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Connecting Research to Your Writing

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Integrating the research that you have done with your own ideas is paramount in composing a research paper; don’t just leave others’ ideas hanging or assume that the reader sees the same connections that you do.

Make sure that every source you present is directly related to your research question, and explain this connection to your reader. Establish what your argument is, why you are making it, and how it differs from what others have said.

Four Ways to Incorporate Data or Ideas from Other Sources Into a Research Paper

1. As a Means to Extend Your Thinking

After presenting an author’s ideas, show how these ideas lead you to your own conclusions about the topic.

Example 1A

“Although X does not say so [directly/explicitly], she apparently assumes that _____. Based on this research, I will argue _____.”

Example 1B

“X’s claim that _____ rests upon the questionable assumption that _____. While other scholarly authors have sided with X’s claim, I will argue, instead, that _____.”

2. As Evidence or Example

Use others’ research to support the argument you are making.

Example 2a

“Although X seems trivial, it is in fact crucial in terms of today’s concerns about _____. As my argument will highlight, _____ is of utmost importance for _____.”

Example 2B

“I agree with X’s view that _____ because, as recent research has shown, _____. These ideas support my argument that _____.”

3. As Counter-Evidence or Counter-Example

Good arguments will generally account for counter-claims. In your research, you may encounter ideas that (in your view) are oversimplified or make incorrect assumptions. Ask yourself, “Why do intelligent, rational people tend to make this argument? Why is my argument better? What data, information, or concepts are those other people overlooking?”

Example 3a

“Yet is it always true that _____? Is it always the case, as I have been suggesting, that _____?”

Example 3b

“Some readers might challenge my view that _____. After all, many believe that _____. Indeed, my own argument that _____ seems to ignore _____ and _____.”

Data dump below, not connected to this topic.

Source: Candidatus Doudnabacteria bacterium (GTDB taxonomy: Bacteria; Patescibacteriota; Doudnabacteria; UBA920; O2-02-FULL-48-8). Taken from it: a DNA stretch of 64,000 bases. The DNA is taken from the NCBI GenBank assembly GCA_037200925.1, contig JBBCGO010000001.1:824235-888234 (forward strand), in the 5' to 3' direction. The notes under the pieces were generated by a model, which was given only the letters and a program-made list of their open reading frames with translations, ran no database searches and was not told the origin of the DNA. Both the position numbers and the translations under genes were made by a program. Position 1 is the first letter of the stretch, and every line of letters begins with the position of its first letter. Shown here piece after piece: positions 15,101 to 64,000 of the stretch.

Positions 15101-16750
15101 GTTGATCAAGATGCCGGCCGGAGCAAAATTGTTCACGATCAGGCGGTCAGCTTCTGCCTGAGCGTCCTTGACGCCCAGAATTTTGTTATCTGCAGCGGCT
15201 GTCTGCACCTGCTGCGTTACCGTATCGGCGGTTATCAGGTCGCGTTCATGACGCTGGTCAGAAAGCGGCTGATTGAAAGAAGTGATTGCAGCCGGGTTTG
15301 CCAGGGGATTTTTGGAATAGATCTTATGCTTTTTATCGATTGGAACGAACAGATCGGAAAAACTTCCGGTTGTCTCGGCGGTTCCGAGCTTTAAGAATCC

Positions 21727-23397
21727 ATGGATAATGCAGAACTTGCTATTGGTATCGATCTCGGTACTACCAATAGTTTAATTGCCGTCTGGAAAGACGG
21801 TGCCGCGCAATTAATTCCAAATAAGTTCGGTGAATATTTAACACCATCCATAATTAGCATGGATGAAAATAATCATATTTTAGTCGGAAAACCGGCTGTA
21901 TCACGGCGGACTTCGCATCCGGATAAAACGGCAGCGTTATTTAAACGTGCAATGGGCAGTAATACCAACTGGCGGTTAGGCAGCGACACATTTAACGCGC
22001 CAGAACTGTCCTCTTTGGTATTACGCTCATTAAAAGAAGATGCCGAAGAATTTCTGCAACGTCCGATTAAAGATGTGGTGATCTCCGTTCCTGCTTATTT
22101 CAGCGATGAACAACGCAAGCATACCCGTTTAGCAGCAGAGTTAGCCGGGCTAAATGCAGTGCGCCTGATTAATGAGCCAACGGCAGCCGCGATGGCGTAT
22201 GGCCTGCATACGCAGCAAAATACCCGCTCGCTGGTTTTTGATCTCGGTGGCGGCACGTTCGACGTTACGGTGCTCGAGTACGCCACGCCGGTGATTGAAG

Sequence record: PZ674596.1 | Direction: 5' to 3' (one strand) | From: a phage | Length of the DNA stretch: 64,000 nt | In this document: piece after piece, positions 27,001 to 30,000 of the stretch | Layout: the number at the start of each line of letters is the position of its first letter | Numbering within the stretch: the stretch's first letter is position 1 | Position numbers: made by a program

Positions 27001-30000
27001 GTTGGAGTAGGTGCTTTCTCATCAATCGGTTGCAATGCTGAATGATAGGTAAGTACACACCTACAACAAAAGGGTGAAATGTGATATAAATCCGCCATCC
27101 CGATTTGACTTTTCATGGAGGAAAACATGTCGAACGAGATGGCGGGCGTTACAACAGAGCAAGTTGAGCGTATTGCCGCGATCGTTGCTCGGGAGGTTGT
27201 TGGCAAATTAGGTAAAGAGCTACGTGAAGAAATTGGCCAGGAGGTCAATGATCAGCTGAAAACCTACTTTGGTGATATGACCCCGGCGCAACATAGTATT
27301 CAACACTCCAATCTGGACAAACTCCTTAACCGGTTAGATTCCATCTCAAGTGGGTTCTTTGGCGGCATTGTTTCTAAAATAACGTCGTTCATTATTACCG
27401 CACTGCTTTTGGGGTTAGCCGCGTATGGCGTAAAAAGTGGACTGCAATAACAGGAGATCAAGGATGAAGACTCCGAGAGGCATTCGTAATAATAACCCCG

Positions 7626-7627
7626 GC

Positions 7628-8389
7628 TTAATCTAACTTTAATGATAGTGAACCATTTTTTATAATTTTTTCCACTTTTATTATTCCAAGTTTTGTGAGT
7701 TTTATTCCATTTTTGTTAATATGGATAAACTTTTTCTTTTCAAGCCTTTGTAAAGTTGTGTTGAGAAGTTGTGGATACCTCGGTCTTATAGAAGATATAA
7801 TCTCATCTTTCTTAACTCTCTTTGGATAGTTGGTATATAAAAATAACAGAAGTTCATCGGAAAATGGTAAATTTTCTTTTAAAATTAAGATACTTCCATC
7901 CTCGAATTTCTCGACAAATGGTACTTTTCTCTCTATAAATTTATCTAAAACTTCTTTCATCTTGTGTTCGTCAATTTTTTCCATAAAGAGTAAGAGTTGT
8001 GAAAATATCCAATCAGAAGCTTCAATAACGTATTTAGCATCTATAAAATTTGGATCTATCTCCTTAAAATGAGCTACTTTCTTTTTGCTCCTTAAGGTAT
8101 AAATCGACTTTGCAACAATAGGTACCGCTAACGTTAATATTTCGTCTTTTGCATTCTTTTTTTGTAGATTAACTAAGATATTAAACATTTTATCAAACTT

4. As Opportunity for Analysis or Interpretation

If, for example, one of your sources is especially interesting or important, you may want to analyze and interpret it in depth.

Example 4A

“Although I [agree/disagree] with X up to a point, I cannot [accept/fully endorse] his overall conclusion that _____.”

Example 4b

“While it is true that _____, it does not necessarily follow that _____.”

Example 4c

“Whereas X provides ample evidence that _____, Y and Z’s research on _____ and _____ convinces me that _____ instead.”

It is totally okay, and likely, that you will not use all elements of all the research you found! If it doesn’t fit within the scope of your paper, let it go. Including excess information will only confuse your reader about the central points of your paper.

Which Citation Style Should I Use?

If you’re not sure which format to use, ask your professor! The Writing Studio also has guidebooks to help you with appropriate citation for each of these formats.

Sources Consulted in the Making of this Resource: The material on this page was adapted from Bruce Ballenger’s The Curious Researcher: A Guide to Writing Research Papers, Fourth Edition. New York: Pearson Longman, 2004, and They Say/I Say: The Moves That Matter in Academic Writing by Gerald Graff and Cathy Birkenstein. New York: WW Norton & Co., 2006.

Last revised: 7/2007 | Adapted for web delivery: 2/2021

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